A method for on-demand droplet fusion in a microfluidic channel is presented using the flow created from a single explosively expanding cavitation bubble. We test the technique for water-in-oil droplets, which are produced using a T-junction design in a microfluidic chip. The cavitation bubble is created with a pulsed laser beam focused into one droplet. High-speed photography of the dynamics reveals that the droplet fusion can be induced within a few tens of microseconds and is caused by the rapid thinning of the continuous phase film separating the droplets. The cavitation bubble collapses and re-condenses into the droplet. Droplet fusion is demonstrated for static and moving droplets, and for droplets of equal and unequal sizes. Furthermore, we reveal the diffusion dominated mixing flow and the transport of a single encapsulated cell into a fused droplet. This laser-based droplet fusion technique may find applications in micro-droplet based chemical synthesis and bioassays.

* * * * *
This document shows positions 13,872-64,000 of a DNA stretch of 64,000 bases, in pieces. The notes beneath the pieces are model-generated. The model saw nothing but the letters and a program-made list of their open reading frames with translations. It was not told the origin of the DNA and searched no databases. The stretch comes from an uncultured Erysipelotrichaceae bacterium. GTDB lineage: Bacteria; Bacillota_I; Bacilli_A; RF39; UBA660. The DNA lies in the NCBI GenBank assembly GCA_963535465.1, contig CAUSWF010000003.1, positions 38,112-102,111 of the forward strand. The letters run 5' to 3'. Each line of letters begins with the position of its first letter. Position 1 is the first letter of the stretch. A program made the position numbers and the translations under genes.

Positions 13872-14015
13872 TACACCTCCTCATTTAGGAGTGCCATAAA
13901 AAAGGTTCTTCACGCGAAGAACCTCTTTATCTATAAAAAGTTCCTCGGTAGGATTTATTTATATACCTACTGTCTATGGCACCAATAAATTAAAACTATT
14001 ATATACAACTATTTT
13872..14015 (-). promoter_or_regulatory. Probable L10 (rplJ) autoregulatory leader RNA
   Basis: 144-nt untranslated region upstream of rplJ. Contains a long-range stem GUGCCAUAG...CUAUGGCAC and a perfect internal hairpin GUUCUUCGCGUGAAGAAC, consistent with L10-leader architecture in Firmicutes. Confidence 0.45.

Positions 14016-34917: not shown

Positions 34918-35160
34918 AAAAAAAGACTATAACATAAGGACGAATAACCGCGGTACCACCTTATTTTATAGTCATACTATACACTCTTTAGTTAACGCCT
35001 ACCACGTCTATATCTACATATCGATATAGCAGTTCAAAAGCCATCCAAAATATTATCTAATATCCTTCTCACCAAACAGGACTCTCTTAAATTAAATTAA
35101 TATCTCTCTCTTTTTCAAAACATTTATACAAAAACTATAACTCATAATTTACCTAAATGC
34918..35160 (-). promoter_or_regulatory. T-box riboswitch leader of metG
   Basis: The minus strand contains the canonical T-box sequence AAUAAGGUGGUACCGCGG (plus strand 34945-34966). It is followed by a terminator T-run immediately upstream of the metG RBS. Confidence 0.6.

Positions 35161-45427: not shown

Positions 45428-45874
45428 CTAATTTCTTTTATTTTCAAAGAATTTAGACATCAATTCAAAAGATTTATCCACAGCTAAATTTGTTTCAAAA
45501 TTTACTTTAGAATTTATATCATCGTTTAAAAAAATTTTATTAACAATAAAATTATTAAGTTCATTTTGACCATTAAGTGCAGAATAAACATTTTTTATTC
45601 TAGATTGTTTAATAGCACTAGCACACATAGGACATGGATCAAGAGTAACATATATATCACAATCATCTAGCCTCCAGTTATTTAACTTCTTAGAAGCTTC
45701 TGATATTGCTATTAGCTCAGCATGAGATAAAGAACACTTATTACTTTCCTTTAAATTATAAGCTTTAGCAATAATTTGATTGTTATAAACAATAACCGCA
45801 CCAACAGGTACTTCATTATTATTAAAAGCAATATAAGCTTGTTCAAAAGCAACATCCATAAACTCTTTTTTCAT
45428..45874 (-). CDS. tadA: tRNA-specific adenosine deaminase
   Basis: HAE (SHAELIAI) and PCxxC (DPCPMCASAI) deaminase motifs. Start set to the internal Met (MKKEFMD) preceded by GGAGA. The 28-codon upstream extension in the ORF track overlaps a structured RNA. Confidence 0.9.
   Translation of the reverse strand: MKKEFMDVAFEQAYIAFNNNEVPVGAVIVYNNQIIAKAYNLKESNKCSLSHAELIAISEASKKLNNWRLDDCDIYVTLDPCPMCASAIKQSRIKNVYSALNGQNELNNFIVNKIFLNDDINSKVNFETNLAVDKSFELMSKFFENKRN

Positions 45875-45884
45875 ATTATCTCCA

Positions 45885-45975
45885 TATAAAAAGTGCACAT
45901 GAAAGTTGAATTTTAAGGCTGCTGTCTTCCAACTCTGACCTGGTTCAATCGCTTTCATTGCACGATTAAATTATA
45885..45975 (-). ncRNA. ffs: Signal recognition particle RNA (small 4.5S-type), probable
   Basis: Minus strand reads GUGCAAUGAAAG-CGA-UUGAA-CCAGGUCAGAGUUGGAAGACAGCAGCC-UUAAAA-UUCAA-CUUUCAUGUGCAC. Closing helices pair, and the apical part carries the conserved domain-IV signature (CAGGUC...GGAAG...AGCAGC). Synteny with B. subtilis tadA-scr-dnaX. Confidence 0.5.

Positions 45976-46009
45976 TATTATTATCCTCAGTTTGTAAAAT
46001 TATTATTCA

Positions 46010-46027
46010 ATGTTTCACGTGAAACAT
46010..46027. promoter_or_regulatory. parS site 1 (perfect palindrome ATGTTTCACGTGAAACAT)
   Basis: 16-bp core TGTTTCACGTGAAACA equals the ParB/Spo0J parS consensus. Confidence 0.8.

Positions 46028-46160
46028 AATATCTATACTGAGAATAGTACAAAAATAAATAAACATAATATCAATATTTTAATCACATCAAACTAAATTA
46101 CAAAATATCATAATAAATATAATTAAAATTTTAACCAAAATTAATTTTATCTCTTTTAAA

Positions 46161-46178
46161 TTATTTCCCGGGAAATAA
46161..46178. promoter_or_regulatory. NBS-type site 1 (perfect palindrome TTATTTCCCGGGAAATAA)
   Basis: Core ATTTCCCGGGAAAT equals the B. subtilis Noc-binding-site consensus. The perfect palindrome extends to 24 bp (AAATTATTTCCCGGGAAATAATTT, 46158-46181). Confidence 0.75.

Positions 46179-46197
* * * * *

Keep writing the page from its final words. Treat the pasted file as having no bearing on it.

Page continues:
- This article is part of the themed collection: 10th Anniversary: Focus on Singapore